Problem solve Get help with specific problems with your technologies, process and projects.

The guidelines of data retention

Bits & Bytes: Have you ever wondered how long you need to keep your data? Bill Oliver goes over the rules of data retention.

Ed note: A reader posed this question to Bill Oliver about data retention policy. Bill is currently the storage practices manager for PDC Solutions, Inc. Pose your own backup and recovery question to our resident experts.

Question: What are the average industry standards for the length of time data/tape are stored off site? Do we keep a quarter, a month, etc. I understand it's different based on your business but just as a general guideline...

Bill Oliver's answer:

Data is archived for several different reasons. One reason is to comply with state and federal regulations. Another is to provide the ability to recover business critical data in the event of a site-wide data loss, such as a fire or flood. Another reason is to provide a secure repository for point-in-time, snapshot data, for baseline reference in programming, design, custom manufacturing, etc.

The minimum records retention requirements regulations vary by state and by data type, but typically they range from three years to permanent. Legally, most businesses need to keep records long term. Broadly speaking, state and federal regulation require:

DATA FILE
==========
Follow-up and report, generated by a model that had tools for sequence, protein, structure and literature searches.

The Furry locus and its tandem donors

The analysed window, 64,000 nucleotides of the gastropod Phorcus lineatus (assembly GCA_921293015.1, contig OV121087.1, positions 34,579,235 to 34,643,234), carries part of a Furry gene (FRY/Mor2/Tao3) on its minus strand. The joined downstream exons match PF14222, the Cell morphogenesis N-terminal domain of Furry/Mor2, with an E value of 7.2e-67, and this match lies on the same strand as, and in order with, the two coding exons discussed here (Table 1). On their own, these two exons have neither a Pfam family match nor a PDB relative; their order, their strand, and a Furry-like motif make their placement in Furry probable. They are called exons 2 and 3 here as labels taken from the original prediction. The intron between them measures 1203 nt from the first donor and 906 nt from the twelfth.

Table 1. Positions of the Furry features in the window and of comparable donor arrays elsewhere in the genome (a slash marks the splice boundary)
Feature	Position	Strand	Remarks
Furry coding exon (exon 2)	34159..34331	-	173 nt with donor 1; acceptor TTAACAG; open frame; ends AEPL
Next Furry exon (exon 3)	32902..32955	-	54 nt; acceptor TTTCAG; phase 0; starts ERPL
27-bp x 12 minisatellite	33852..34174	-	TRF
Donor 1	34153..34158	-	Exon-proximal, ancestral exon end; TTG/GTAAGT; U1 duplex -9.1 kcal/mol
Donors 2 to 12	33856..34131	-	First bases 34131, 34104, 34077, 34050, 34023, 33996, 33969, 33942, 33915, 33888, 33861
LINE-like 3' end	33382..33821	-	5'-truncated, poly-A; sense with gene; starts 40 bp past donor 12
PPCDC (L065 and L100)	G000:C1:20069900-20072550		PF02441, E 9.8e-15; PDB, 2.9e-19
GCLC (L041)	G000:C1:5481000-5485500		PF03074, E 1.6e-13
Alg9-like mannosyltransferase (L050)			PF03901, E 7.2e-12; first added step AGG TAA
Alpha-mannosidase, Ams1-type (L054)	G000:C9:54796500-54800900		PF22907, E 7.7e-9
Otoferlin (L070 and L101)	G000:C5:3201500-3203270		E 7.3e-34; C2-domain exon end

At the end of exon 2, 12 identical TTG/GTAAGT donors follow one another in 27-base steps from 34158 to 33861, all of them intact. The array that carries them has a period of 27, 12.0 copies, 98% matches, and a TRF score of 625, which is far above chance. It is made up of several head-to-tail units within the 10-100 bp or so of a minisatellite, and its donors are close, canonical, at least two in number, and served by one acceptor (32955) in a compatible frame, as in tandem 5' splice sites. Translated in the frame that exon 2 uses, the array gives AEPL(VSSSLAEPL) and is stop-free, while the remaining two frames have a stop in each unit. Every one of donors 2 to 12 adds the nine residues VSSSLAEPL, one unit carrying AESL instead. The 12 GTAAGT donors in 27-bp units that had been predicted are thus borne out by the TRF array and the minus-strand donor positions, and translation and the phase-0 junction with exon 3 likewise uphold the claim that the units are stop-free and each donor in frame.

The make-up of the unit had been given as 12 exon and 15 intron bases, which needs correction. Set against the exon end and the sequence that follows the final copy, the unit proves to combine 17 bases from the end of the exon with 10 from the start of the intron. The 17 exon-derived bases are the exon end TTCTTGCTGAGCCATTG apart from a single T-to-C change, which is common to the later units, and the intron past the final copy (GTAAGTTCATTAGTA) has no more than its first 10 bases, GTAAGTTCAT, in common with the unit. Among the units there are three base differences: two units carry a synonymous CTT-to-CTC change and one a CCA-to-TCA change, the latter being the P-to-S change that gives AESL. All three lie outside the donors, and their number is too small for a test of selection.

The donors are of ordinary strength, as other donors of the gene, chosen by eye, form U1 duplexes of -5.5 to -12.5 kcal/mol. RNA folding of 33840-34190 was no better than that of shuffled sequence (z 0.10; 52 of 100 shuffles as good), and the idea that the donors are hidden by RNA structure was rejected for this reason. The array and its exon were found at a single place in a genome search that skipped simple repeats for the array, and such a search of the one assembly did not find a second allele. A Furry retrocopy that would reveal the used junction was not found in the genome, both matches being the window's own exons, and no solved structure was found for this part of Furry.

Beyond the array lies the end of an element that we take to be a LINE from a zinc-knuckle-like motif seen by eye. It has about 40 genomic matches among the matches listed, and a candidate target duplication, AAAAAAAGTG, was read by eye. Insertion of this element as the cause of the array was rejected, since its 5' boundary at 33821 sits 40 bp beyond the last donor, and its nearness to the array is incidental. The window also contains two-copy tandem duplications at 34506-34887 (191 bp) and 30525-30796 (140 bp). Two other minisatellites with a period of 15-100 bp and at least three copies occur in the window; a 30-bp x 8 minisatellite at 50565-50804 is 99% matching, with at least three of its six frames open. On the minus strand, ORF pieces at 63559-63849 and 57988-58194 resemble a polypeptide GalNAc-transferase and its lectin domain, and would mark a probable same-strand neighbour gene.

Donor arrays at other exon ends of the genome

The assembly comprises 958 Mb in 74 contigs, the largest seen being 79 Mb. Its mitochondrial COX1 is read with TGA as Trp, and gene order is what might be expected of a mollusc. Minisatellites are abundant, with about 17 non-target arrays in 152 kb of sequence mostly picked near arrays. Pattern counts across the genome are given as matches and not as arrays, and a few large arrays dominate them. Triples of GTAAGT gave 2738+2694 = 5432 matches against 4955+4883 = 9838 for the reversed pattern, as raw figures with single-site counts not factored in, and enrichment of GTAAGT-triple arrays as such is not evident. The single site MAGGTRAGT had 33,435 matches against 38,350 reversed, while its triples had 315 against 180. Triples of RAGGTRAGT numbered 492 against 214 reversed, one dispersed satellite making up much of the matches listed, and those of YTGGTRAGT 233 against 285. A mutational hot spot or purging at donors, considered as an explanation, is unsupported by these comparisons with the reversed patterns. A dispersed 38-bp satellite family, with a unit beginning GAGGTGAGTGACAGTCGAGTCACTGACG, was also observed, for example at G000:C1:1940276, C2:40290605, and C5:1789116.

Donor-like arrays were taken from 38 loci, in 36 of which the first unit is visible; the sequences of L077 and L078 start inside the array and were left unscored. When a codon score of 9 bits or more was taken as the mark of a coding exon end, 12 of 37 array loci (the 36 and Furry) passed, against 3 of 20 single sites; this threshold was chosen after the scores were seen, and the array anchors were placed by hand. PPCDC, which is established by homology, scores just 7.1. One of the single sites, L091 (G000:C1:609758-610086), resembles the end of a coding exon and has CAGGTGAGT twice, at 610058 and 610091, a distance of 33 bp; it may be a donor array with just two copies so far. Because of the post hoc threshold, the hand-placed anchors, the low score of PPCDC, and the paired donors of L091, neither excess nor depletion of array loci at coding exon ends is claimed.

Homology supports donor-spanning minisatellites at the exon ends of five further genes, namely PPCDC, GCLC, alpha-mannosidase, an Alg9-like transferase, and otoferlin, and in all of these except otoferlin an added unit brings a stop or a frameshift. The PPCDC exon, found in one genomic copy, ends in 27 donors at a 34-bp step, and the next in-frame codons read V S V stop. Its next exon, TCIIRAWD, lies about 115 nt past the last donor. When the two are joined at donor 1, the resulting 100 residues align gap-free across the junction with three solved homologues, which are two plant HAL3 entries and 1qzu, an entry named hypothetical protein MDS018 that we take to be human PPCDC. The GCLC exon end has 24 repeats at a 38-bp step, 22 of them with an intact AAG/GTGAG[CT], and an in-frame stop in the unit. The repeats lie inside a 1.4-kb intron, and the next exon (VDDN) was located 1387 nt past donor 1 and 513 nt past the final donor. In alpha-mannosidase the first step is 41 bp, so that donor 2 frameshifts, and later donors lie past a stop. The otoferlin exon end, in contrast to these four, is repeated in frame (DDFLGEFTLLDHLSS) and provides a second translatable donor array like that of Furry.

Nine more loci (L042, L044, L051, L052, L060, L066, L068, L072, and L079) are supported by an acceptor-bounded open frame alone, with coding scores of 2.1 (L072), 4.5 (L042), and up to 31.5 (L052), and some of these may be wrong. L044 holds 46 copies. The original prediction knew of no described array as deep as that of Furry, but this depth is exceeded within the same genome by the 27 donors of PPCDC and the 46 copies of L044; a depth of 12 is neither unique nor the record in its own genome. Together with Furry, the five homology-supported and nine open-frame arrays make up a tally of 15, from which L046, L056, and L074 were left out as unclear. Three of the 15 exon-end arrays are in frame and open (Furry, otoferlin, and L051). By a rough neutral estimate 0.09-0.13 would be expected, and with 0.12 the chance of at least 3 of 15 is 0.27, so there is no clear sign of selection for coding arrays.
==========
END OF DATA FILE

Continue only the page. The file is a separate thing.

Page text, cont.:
• Business records: 7 years to permanent
  • Contracts: 7 years to permanent
  • Employee records: 3 years
  • Payroll records: 3 to 7 years

    Most high-end backup/recovery software will generate weekly, monthly, or quarterly archive tapes. Generally, a set of archive tapes is generated to coincide with month-end, quarter-end and year-end financial activities. For disaster recovery purposes, data retention is calculated as a trade-off between the costs of recovering lost data vs. the costs of maintaining the data. Like an auto insurance policy, the larger burden the company is willing to shoulder in rebuilding lost data, the lower the costs of insuring that all data isn't lost.

    Many large companies keep weekly archives off-site for a period of one month, and monthly archives for one year. Yearly archives are retained for the required state or federal term.

    A typical full-service backup policy would be: daily incremental backups, retained in the tape library and cycled weekly. Weekly full backups are shipped off-site, typically on Monday and cycled every four weeks. Every fifth week, weekly archive set is retained for one year off-site -- recycled or not, depending on the nature of the data. A full set of archives are generated at a specific time, usually coinciding with the fiscal year, to be retained for the mandated retention period.

    In the event of a site-wide disaster, such as a fire, the maximum amount of data lost would be one week. For point-in-time snapshot data, baselines would need to be established based on the data in question, then full system archives generated. Retention times would depend on the data, and could vary from a few months to permanent.

    For more information:

    The benefits of WORM disk

    Don't give in to e-mail retention hype

    Compliance and digital-content growth drive content-storage market

Dig Deeper on Long-term archiving